Anglo-Israelism, the view that Anglo-Saxons are especially blessed by God and the people of his covenant, is based in the idea of “the lost 10 tribes of Israel.” It begins with the historical fact that the Northern Kingdom of Israel broke away from the Kingdom of Judah shorty after Rehoboam, Solomon’s son, ascended to the throne (1K 11.41-12.24). These two kingdoms lived side by side, sometimes in relative peace but often at war, for about two centuries, until 722 BC, when the Assyrian army invaded the North and exiled its people (2K 17.1-41). After that event, the Northern Kingdom was never re-established; it disappeared as an entity from the pages of history.
It was common in ancient empires to exile people you conquered. The reasoning was simple: a conquered people is always inclined to rise up in rebellion against its conqueror, because nationalism never dies. So what do you do? You pack up the people and scatter them to other locations around your empire. Over time they intermarry with other ethnicities, and they lose their sense of tribal identity. Nebuchadnezzar did the same thing more than a century later, when he conquered the Southern Kingdom of Judah (2K 25.11-12), and the practice is confirmed in archaeological records across the Ancient Near East.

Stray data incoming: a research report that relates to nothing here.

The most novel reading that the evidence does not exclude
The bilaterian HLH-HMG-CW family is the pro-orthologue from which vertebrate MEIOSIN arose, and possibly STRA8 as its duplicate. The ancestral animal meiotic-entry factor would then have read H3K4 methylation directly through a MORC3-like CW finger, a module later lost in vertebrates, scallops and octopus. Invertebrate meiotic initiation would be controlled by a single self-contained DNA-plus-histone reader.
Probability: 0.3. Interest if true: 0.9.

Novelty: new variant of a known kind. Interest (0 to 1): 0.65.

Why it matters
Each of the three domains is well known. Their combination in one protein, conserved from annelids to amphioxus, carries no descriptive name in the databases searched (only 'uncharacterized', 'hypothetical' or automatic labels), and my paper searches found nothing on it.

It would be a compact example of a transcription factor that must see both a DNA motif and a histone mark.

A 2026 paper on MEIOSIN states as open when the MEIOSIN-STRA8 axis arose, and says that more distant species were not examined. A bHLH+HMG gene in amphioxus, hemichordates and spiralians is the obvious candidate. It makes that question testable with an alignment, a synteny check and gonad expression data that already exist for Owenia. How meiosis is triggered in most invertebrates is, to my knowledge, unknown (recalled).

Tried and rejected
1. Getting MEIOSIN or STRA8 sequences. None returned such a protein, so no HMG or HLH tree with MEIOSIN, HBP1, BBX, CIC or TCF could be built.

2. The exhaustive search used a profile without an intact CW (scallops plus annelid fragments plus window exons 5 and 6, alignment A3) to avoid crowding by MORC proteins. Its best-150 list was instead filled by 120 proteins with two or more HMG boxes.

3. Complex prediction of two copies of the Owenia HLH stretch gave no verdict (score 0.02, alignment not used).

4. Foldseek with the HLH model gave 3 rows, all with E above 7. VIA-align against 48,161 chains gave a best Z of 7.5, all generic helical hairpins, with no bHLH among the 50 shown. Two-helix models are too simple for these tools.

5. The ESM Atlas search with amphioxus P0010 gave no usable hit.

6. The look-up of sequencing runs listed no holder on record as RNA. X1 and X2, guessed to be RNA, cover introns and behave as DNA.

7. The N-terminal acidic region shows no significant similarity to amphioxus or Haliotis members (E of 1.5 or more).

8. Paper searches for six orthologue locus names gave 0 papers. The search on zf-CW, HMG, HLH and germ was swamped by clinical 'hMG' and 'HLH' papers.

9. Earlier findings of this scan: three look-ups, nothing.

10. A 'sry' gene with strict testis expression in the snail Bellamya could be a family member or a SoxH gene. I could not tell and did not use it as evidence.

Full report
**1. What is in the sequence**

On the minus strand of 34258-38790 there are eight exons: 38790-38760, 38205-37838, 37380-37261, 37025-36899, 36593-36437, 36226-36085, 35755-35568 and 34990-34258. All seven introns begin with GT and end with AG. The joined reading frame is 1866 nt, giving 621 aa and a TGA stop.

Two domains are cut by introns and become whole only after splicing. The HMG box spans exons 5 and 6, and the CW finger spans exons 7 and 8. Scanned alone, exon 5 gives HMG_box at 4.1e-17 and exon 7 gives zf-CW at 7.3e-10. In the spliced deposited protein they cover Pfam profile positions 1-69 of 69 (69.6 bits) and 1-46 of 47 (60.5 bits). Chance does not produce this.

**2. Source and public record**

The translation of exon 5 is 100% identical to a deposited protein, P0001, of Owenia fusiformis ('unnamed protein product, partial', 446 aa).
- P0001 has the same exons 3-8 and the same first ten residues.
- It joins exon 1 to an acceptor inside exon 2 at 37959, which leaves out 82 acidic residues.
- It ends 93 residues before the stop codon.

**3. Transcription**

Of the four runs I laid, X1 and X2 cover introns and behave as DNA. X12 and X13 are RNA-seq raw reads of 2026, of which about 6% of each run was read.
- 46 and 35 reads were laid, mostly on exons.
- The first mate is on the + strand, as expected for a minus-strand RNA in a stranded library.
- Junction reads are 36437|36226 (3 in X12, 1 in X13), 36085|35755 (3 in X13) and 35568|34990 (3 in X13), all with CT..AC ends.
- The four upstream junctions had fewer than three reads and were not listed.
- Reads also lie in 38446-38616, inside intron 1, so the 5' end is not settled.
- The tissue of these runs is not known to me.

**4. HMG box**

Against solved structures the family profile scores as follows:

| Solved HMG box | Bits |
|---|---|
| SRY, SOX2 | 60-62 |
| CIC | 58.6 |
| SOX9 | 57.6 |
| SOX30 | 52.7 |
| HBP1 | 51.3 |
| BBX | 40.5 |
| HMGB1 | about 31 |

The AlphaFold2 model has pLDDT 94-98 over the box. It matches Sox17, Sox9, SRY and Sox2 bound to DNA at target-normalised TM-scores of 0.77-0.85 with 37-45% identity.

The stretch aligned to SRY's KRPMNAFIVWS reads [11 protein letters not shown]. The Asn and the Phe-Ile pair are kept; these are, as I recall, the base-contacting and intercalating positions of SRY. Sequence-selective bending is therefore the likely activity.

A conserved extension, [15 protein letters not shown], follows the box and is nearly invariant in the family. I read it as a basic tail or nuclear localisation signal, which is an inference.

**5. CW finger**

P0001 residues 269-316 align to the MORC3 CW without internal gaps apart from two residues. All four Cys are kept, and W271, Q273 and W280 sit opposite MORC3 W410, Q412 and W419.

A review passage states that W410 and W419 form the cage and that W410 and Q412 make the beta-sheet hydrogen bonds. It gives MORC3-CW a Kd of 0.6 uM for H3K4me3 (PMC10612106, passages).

The story told by Anglo-Israelites posits an unexpected outcome of this event:
- When Jacob blessed his sons, the future 12 tribes of Israel, he gave the birthright to Joseph’s sons, Ephraim and Manasseh (Gen 48.1-22).
- These tribes were exiled in the Assyrian invasion.
- Modern Jews are descended from Judah (as the name demonstrates), who does not hold the birthright. They’re the custodians of the royal line, but not chosen as inheritors of the birthright.
- The Northern Kingdom was taken to Mesopotamia in exile. Eventually escaping, the ten tribes left evidence of their generational path northwestward, eventually to the British Isles.
- The kingly line of Judah arrived in the British Isles as well after the fall of Jerusalem to Babylon in 586 BC, when Jeremiah the prophet secretly escaped with a daughter of King Zedekiah. She established the royal line in Ireland when she married Ireland’s king. That line became the royal line of the UK when James VI of Scotland became James I of Great Britain. Thus the royal line of Judah and the birthright line of Ephraim are united in Britain.
- Many Anglo-Israelites also maintain that Manasseh, the older brother of Ephraim but placed second by Jacob’s decision (Gen 48.14-20), is the ancestor of white Americans, making the US part of Israel as well.
This is quite a claim—or concatenation of claims. There’s a lot to consider here.
Next time we’ll begin to work through these assertions.